Just as fast as it was voted in favor in a 28-20 vote by New York City Council, the Bag Bill, imposing a 5-cent fee on all plastic bags used at retailers in New York City, was at risk of being killed when New York State Senate approved a bill, proposed by Senators Simcha Felder, Marty Golden and Diane Savino, to ban the bag fee, on Tuesday, June 7th.
If the bill were to become law, it would not only prevent NYC’s chance at building a greener and more sustainable city by imposing the bag fee, but it would also destroy the chance of any city, town, or neighborhood throughout the state to impose any form of a bag tax. But this bill would not stop there – it would also prevent all retailers from enforcing their own fee’s in attempt to reduce plastic bag pollution.
Despite the facts that bag bills have worked in other cities, such as Los Angeles, Washington, D.C., lobbyists and activists from the plastic bag industry tirelessly fight, stating that it will not do any good, especially since the fee is just a money making scheme for retailers.
Thankfully, Assembly Speaker Carl Heastie has reached an agreement with City Council Speaker Mark-Viverito so it will not come up for a vote this session, protecting the proactive change and integrity of New York City’s environmental stewardship by postponing the enactment of the NYC bill to mid-February 2017, during the next legislative cycle.
In response to an interview with POLITICO, Heastie responded that they would not be taking the bill up in this session: “We have an agreement with the City Council to push off the enactment date of their local law until February,” Heastie said. Other comments by Heastie highlight that there are concerns in the Assembly about the bill.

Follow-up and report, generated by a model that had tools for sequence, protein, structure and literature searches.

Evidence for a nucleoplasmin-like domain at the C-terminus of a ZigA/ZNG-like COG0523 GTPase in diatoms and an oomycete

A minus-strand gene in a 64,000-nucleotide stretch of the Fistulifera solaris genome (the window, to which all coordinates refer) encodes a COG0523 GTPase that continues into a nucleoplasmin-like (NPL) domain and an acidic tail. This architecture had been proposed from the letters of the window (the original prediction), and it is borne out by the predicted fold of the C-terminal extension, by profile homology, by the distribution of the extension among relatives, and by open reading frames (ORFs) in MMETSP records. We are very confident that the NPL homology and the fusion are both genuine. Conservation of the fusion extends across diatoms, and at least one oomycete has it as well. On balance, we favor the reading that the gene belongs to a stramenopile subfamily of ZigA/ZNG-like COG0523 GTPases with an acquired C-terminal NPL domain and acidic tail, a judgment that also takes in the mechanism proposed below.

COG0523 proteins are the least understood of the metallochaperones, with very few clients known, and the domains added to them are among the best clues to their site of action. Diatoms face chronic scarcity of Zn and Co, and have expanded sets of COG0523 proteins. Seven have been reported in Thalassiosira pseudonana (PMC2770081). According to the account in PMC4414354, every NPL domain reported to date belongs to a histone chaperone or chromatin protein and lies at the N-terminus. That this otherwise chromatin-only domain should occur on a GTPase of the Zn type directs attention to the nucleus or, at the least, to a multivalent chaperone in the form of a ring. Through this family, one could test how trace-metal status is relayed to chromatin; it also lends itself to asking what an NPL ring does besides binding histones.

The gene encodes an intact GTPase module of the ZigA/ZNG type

In response, Council Member and co-sponsor, Brad Lander, views this postponement optimistically, stating that it will give them time to work with retailers, and communities, on ways to incentivize and give away more reusable bags.
Assembly Speaker Heastie and City Council Speaker Mark-Viverito were able to work together and convince Albany to never let the bill reach a vote – if they postpone the enactment to mid-February 2017; and devise new strategies around the implementation of the bill. Begrudgingly, Albany legislators agreed – leaving the rest of the state free to enforce their own sort of bag legislation, but unfortunately, having to be environmentally-minded with caution.